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What your invoice should have on it when giving it to a client

There are several crucial aspects and documents for a business to operate smoothly and remain solvent. One of the essential files for your enterprise is an invoice.

What your invoice should have on it when giving it to a client

An invoice is a document, whether printed or digital, that you give or send to your client. It’s a legal piece of paper that establishes the purchaser’s obligation to pay for the goods or services that they availed from your company.

The primary difference between an invoice and receipt is that the latter is given upon or after the customer’s payment. Meanwhile, the former is mainly used to track the sale of goods and services.

You can find lots of templates online that includes all the necessary fields for your business. Nonetheless, you can also create your own invoice to personalize the document.

Here are the items that your invoice should have before giving it to your clients as told by Wave.

Dates and code

First and foremost, you should ensure that your invoice is clearly labelled as such on the document to avoid the recipient confusing it for a quote, credit note, or receipt. Then, the next crucial part of the file is the dates.

You must be transparent and accurate about the date of the invoice creation, especially if it’s different from the delivery or supply date, which you should clearly state on the invoice as well. Moreover, don’t forget to specify the payment’s due date so that your client knows the deadline for when they have to fulfil their obligation to you as a supplier.

Another number you should include in the document is a unique invoice code. This is more for tracking purposes so that you can refer to particular transactions in the past without confusion. A simple sequential numbering system will suffice for this process. You can also incorporate letters to give you allowance on future sales.

Company details

Next, you should include your company information. This entails stating your full business name and office address. Your physical location is necessary for sending and receiving mail, so it’s still relevant for your enterprise.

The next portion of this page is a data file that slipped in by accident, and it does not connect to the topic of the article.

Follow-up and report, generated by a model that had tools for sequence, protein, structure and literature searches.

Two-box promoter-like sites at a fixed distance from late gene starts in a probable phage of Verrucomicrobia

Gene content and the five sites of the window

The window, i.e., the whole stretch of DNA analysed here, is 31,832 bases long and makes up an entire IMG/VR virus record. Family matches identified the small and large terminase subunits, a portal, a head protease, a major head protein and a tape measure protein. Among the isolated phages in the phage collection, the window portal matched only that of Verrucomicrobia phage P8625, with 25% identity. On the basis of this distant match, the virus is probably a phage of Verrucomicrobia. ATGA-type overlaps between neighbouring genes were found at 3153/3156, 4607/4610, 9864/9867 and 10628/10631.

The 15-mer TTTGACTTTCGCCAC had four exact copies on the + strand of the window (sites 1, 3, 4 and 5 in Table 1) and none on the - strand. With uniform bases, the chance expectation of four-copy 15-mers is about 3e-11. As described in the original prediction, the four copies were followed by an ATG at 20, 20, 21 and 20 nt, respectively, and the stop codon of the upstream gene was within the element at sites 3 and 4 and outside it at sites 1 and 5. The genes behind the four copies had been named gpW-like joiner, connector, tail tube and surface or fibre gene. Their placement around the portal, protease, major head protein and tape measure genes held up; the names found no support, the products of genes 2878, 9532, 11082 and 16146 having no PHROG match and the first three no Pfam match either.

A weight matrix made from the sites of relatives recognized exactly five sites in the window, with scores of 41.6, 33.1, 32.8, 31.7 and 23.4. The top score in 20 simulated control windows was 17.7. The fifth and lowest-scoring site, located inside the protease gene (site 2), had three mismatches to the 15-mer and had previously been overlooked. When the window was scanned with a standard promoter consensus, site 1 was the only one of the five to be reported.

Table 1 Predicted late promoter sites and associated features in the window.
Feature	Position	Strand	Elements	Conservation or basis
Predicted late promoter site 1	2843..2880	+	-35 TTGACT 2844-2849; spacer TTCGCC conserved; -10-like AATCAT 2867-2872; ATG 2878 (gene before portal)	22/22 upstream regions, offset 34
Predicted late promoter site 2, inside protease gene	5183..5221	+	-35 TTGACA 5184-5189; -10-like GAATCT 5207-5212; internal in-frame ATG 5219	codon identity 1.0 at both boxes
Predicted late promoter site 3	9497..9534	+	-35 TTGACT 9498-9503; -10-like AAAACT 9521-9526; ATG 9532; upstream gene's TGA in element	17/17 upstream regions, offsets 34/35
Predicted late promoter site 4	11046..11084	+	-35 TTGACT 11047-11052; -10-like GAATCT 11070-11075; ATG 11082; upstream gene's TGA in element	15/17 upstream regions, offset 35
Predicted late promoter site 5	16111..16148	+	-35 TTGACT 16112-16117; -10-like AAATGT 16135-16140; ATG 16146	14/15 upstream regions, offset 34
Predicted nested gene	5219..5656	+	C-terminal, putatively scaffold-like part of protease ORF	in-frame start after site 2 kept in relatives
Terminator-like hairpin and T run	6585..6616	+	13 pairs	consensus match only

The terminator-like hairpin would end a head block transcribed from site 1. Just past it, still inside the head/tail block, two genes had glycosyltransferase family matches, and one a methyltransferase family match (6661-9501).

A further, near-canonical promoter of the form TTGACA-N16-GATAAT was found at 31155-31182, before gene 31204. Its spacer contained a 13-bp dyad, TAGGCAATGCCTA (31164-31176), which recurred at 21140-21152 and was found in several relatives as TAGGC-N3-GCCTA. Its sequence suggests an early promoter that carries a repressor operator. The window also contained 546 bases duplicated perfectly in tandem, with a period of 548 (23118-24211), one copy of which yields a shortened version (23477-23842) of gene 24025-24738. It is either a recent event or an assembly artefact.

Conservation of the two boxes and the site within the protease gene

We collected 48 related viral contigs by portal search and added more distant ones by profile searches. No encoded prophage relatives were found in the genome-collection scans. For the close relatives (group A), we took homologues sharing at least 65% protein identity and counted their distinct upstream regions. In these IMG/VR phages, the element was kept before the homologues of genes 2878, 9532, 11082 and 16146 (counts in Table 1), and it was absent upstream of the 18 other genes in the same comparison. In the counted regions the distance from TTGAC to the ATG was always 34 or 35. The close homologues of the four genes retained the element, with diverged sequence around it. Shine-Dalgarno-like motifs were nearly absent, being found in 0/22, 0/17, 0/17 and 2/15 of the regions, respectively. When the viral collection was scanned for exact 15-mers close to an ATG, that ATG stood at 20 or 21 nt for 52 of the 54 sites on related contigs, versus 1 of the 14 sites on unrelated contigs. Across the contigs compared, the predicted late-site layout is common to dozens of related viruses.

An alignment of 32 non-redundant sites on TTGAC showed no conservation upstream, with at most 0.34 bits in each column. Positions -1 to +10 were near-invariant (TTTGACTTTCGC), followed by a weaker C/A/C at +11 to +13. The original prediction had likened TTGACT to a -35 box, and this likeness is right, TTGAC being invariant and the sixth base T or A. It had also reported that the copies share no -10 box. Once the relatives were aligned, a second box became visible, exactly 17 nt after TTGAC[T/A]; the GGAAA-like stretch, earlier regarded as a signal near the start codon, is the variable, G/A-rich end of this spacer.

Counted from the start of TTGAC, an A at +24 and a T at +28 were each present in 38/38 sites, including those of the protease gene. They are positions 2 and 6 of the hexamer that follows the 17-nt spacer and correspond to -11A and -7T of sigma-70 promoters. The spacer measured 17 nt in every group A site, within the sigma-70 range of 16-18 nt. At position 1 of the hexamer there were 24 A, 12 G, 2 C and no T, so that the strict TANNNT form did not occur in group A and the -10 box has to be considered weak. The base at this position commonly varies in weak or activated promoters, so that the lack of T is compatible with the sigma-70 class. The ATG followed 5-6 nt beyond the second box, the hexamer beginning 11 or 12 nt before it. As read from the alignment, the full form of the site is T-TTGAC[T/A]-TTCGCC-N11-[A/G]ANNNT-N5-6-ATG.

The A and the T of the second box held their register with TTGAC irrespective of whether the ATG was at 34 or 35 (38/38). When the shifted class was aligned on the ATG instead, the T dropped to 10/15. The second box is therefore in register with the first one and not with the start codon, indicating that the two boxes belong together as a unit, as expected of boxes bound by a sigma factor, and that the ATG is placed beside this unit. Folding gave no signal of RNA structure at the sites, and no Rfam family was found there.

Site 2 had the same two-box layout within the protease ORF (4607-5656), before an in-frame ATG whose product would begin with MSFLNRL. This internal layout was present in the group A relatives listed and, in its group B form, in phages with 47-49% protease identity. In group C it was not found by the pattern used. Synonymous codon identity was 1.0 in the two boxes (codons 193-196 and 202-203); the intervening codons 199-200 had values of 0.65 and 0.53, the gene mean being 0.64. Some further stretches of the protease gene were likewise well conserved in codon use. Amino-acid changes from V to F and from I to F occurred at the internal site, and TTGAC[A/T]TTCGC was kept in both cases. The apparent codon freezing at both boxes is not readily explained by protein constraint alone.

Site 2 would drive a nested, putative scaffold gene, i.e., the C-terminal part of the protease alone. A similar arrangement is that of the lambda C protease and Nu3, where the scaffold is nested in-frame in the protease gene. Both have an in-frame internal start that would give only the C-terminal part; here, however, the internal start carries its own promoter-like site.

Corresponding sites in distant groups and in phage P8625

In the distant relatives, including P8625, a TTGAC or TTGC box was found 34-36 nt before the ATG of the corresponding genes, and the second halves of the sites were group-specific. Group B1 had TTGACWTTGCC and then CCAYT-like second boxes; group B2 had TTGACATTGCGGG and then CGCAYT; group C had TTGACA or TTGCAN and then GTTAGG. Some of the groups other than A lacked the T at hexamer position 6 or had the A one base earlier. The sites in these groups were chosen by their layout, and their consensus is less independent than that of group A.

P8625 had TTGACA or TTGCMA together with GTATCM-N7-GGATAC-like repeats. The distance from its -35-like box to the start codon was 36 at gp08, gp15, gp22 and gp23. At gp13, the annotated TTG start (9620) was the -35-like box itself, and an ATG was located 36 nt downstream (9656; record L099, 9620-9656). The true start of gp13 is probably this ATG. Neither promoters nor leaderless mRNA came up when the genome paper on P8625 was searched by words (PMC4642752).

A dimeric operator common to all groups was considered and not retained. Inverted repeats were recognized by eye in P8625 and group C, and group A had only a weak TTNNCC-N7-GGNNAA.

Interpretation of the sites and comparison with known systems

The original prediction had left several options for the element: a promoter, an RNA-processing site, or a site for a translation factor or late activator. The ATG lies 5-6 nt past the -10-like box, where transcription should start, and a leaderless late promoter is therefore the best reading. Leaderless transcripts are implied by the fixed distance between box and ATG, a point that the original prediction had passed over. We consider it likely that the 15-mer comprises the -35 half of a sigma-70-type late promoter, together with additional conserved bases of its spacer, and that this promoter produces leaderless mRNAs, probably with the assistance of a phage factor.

You should also include all avenues where your clients can contact you. Print your company’s telephone and mobile numbers as well as your email address. You can even add links to your social media profiles, which serve the dual purpose of providing them with an additional communication channel while boosting your digital marketing efforts.

Your business tax identification number is another essential information that should be printed on the file. Your invoice is a legal document, and having your tax ID number on it ensures clients that you run a government-registered business.

Client information

While the first two sections of your invoice are used for all of your transactions, you need to check and review this part to ensure the accuracy of your small business invoicing. You must include your client’s name or their company to clarify who’s responsible for paying the total amount. Print their office address and contact information as well. You need to have these details in your database for communication purposes, anyway.

You must also have your client’s tax ID number and other regulatory details mandated by your local government on your invoices. Your customers can use this document to claim back any value-added taxes (VAT) that were charged to them during the tax filing season.

Merchandise particulars

This is also another section that should be meticulously checked and cross-checked by your accounting department before sending it to the client. You must provide a detailed description of the goods and services availed by the customer, including the price, quantity, VAT, and discount (if applicable) per item.

Then, add the total amount, excluding VAT. Below that field, insert two more rows for the VAT total and the actual payment due that includes the VAT.

Payment terms

While you may have already explained your payment terms and conditions thoroughly in a separate contract, it’s good to include the crucial details in your invoice. 

A simple “Payment due by 30 days from the date of invoice” is enough to inform your client that they need to pay within a month from the date stated on the document.


As with any other business papers, you have to make sure that your invoice is both concise and comprehensive since it’s a legal file that can be used for tax purposes of the parties involved. Thus, include the important dates and unique invoice tracking numbers in the document.

You also need to state you and your client’s company names, office addresses, and contact information. Provide a list of the goods and services that your customers bought along with the price, quantity, VAT, and discount for each item. Lastly, be clear on your payment terms to avoid misinterpretations.

More on small business finance and limited company invoices.

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